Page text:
• Solution to: Cezar Lupu and Tudorel Lupu, Problem 11417, AMM February 2009.
My solution as a PDF file.
Given a real-valued continuously differentiable function f on the interval [0,1] such that the integral of f(x)dx from 1/3 to 2/3 equals 0. Prove that
(integral of (f '(x))2dx from 0 to 1) ≥ 27 (integral of f(x)dx from 0 to 1)2.
• Solution to: Christopher Hillar, Problem 11422, AMM March 2009.
My solution as a PDF file.
Let H be a real symmetric square matrix whose eigenvalues are pairwise distinct. Let A be a real matrix of the same size. Let H0 = H, let H1 = AH0 - H0A and let H2 = AH1 - H1A. Assume that the matrices H1 and H2 are symmetric. Prove that AAt = AtA (in other words, prove that the matrix A is normal).

• Solution to: Emeric Deutsch, Problem 11424, AMM March 2009.
My solution as a PDF file. Longer (more detailed) version.
Given some integer n > 1, compute the number of all elements (a1,a2,...,an) of {0,1}n for which the number of all i in {1,2,...,n-1} satisfying ai = ai+1 = 0 equals the number of all i in {1,2,...,n-1} satisfying ai = ai+1 = 1.

• Solution to: M. L. Glasser, Problem 11426, AMM April 2009.
My solution as a PDF file.
Simplify Γ(1/14) Γ(9/14) Γ(11/14) / (Γ(3/14) Γ(5/14) Γ(13/14)), where Γ denotes the gamma function.

• Solution to: Marius Cavachi, Problem 11433, AMM May 2009.
My solution as a PDF file.
Let n be a positive integer. Let A1, A2, ..., An, B1, B2, ..., Bn, C1, C2, ..., Cn be 3n points on the unit sphere S2. Prove that there exists a point P on S2 satisfying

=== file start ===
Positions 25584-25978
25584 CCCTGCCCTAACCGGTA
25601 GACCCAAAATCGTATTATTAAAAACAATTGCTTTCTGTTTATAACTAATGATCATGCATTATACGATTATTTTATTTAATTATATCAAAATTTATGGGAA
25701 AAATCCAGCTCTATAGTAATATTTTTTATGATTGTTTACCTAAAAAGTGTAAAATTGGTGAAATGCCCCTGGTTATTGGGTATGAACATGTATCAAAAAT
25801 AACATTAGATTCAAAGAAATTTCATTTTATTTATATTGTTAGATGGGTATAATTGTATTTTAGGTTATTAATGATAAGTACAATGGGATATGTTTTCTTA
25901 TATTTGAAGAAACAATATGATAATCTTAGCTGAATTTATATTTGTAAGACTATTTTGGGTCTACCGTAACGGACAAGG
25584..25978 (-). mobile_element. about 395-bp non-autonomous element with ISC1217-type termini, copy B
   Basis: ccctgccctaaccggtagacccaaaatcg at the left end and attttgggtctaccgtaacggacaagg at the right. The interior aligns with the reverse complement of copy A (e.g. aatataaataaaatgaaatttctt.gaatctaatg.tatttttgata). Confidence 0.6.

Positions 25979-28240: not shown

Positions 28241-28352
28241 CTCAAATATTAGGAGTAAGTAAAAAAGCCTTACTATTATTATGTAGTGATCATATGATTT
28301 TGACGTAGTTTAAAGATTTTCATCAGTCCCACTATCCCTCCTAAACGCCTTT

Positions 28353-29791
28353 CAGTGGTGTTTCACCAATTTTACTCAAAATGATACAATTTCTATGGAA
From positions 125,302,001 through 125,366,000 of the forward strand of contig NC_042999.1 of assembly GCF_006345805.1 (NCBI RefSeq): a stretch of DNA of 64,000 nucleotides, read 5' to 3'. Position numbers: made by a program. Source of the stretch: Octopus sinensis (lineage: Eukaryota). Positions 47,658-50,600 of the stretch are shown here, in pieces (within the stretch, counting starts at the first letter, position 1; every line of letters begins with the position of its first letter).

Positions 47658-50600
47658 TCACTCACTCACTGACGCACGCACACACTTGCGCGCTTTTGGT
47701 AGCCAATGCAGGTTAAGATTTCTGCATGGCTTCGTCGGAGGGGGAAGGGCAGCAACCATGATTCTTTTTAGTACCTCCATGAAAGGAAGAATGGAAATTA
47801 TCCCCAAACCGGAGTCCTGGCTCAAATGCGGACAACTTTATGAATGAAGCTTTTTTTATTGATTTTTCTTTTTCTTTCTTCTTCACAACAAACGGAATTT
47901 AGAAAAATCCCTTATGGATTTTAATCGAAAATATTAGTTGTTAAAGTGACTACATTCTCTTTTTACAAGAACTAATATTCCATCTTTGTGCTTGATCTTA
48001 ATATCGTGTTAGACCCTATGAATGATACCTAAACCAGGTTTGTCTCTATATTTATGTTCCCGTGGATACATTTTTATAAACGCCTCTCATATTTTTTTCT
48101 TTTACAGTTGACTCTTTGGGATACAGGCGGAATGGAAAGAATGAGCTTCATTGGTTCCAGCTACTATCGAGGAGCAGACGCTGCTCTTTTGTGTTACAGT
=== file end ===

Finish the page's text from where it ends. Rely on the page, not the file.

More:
(sum of |P-Ak|2 over k = 1, 2, ..., n) = (sum of |P-Bk|2 over k = 1, 2, ..., n) = (sum of |P-Ck|2 over k = 1, 2, ..., n).

• Solution to: Slavko Simic, Problem 11434, AMM May 2009.
My solution as a PDF file. Longer (more detailed) version.
Let n be an integer such that n ≥ 2. Let x1, x2, ..., xn be distinct real numbers, and let p1, p2, ..., pn be positive numbers such that p1 + p2 + ... + pn = 1. Prove that the fraction
((p1x13 + p2x23 + ... + pnxn3) - (p1x1 + p2x2 + ... + pnxn)3) / (3 ((p1x12 + p2x22 + ... + pnxn2) - (p1x1 + p2x2 + ... + pnxn)2))
is not smaller than the smallest of the numbers x1, x2, ..., xn, but not greater than the greatest of these numbers either.

• Solution to: Panagiote Ligouras, Problem 11435, AMM May 2009.
My solution as a PDF file.
For every triangle with sidelengths a, b, c, inradius r and circumradius R, prove that
a2bc / ((a+b)(a+c)) + b2ca / ((b+c)(b+a)) + c2ab / ((c+a)(a+b)) ≤ 9/2 r R.

• Solution to: Greg Oman, Problem 11451, AMM 2009.
My solution as a PDF file.
Let k and n be positive integers satisfying k > 1. Let R be a ring (not necessarily having an identity, and not necessarily commutative). Assume that:
(i) There exists an element of R which is not nilpotent.
(ii) If x1, x2, ..., xk are any k nonzero elements of R, then x1n + x2n + ... + xkn = 0.
Prove that R is a division ring, that is, the nonzero elements of R form a group under multiplication.

• Solution to: Donald Knuth, Problem 11452, AMM 2009.
My solution as a PDF file.
Let n be a positive integer.
We identify every permutation π ∈ Sn with the n-letter string π(1) π(2) ... π(n) over the alphabet {1,2,...,n}. Let us say that two permutations a1a2...ak-1akak+1...an and akak-1...a2a1ak+1...an (written as n-letter strings) are pre-equivalent when k = n or when ak+1 exceeds all of a1, a2, ..., ak. Also we say that two permutations in Sn are equivalent whenever they can be obtained from each other by a sequence of such flips (i. e., we define the relation ”equivalent” to be the reflexive, symmetric and transitive closure of the relation ”pre-equivalent”). For example, 321 ≡ 123 ≡ 213 ≡ 312 and 132 ≡ 231 in S3.